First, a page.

Kitchen sink area lighting (C) D Friedman Guide to Kitchen Lights & Lighting Requirements

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Kitchen lighting design specifications: this article provides details about designing kitchen lighting, specifying the type and distance of lights for different kitchen areas and tasks: counters, tables, cook range top, etc. This article series details guidelines for selecting and installing interior lighting to meet the requirements for different building areas.

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Kitchen Lighting Requirements

Figure 5-24: (C) J Wiley, S BlissThis article includes excerpts or adaptations from Best Practices Guide to Residential Construction, by Steven Bliss, courtesy of Wiley & Sons.

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Also see LIGHTING, INTERIOR GUIDE our home page for information about all lighting topics relating to building interior

Kitchen or Dining Table Top Lighting Specifications

Choose a pendant at least 12 inches less in diameter than the table’s smallest dimension and mount the fixture 27 to 36 inches above the table.

A 120-watt incandescent or 40- to 50-watt fluorescent fixture will generally provide sufficient illumination (see Figure 5-24).

Kitchens require general ambient lighting as well as task lighting on sinks, ranges, counters, and eating areas.

Table top lighting (C) Daniel FriedmanGiven the high lighting needs of a kitchen, the energy savings from fluorescent lights can be substantial. Look for fluorescent bulbs with a CRI over 80 and a color temperature near 2800K to match standard incandescent lights, or 3500K to match halogen lights.

Our photo (left) illustrates bright halogen lighting installed over a kitchen dining table. Note that depending on how the table may be relocated away from its "design position" some seated at the table may see a shadow over their work or plate.

Ambient Kitchen Lighting Specifications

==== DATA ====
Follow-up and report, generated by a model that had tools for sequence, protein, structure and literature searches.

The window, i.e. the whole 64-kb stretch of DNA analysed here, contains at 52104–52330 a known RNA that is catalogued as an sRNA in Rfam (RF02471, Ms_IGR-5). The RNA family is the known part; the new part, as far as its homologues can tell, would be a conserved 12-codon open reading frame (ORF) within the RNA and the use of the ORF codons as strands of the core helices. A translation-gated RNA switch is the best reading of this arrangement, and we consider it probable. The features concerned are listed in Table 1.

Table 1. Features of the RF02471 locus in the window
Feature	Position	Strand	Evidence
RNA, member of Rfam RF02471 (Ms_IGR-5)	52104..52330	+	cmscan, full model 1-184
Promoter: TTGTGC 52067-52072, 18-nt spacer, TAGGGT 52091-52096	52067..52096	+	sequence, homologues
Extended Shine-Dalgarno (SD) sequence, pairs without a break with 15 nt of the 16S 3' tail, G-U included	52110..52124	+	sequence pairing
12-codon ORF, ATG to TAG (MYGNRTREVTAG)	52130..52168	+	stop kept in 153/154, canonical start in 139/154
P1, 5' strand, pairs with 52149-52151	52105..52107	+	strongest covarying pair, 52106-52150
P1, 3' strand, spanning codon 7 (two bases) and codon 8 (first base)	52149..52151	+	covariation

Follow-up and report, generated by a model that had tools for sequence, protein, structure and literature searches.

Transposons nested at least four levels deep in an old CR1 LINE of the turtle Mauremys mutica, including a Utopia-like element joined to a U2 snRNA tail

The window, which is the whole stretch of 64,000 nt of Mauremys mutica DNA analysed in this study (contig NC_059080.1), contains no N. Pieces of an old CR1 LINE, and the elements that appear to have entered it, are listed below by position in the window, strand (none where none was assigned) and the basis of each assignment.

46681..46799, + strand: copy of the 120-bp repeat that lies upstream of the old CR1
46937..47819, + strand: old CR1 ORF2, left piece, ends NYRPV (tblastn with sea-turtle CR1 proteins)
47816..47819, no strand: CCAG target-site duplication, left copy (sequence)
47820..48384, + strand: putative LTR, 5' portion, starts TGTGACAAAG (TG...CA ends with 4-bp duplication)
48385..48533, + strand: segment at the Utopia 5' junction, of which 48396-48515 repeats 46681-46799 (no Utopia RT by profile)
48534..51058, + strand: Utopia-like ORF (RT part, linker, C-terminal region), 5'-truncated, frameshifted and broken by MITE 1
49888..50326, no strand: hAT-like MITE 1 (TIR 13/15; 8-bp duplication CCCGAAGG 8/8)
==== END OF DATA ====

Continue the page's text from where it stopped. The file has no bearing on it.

For efficient general lighting, use one or more enclosed ceiling fixtures with a white diffuser that illuminates the ceiling as well as the space below. In a very small kitchen, placing the ceiling fixture near the sink and counter can provide effective task lighting as well.

Our page top photo illustrates generous use of daytime outdoor lighting through a diffusing widow screen, providing good illumination without glare in a kitchen work area. For night time lighting, and for a softer glow in a kitchen, indirect lighting can also work nicely with lights placed in coves and above the cabinets to illuminate the ceiling.

Although not the most energy-efficient, recessed lighting has become a popular choice for kitchen lighting because of its sleek appearance and dramatic effect. For even lighting, use fixtures and lamps with wide beam spreads and spacing based on a 36-inch work plane (Figure 5-23). Also see the discussion on “Spacing,” page 202.

Figure 5-23: (C) J Wiley, S Bliss

Figure 5-23

As a rough guide, the American Lighting Association suggests the following minimum lighting levels:

  • Small kitchens of under 75 square feet: 150 watts of direct incandescent lighting from up to three bulbs, or about 60 watts of fluorescent.
  • Kitchens up to 125 square feet: 200 watts of incandescent from up to four bulbs, or about 80 watts of fluorescent.
  • Kitchens over 120 square feet: two watts of incandescent lighting or  34  watt of fluorescent per square foot of floor area.

These numbers should be increased by 50 to 100% for indirect lighting, dark surfaces, lighting placed high in cathedral ceilings, or use of recessed lights with diffusers, baffles, or other light blocking trim.

Kitchen Task Lighting Guidelines for Counters, Sinks, Cooktops

Work counters, sinks, and cooktops all need high lighting levels. Where wall cabinets are present, under cabinet lighting provides excellent illumination for counters. Place lights as close as possible to the front of the cabinets to avoid glare reflecting off the work surface (Figure 5-23 shown above).

Low-voltage xenon “festoon” lamps provide bright, even light similar to halogen but without the high temperatures and pressures, eliminating the safety concerns associated with halogen. Also, xenon lamps can be touched with bare skin and provide 10,000 hours of service.

An alternative for lighting at counters is to place a row of recessed fixtures directly over the outer edge of the counter. If used for task lighting, place fixtures about 36 inches apart for 8-foot ceilings or 48 inches apart for 10-foot ceilings (see Task Lighting in Table 5-25).

Table 5-25: Recommendations for Recessed Lights (Ceiling Lights or "Pot Lights" (C) J Wiley, S Bliss

Sinks, cooktops, islands, and counters without cabinets above can be lit by small recessed downlights or track lighting. Mini-pendants with 12-volt halogen bulbs offer an attractive and functional way to illuminate islands, peninsulas, and eating counters (Figure 5-23).

Watch out: Check with local code officials in your own jurisdiction for specific lighting and electrical safety requirements.

Industry & Trade Associations for Lighting in Buildings

  • American Lighting Association

-- Adapted with permission from Best Practices Guide to Residential Construction.

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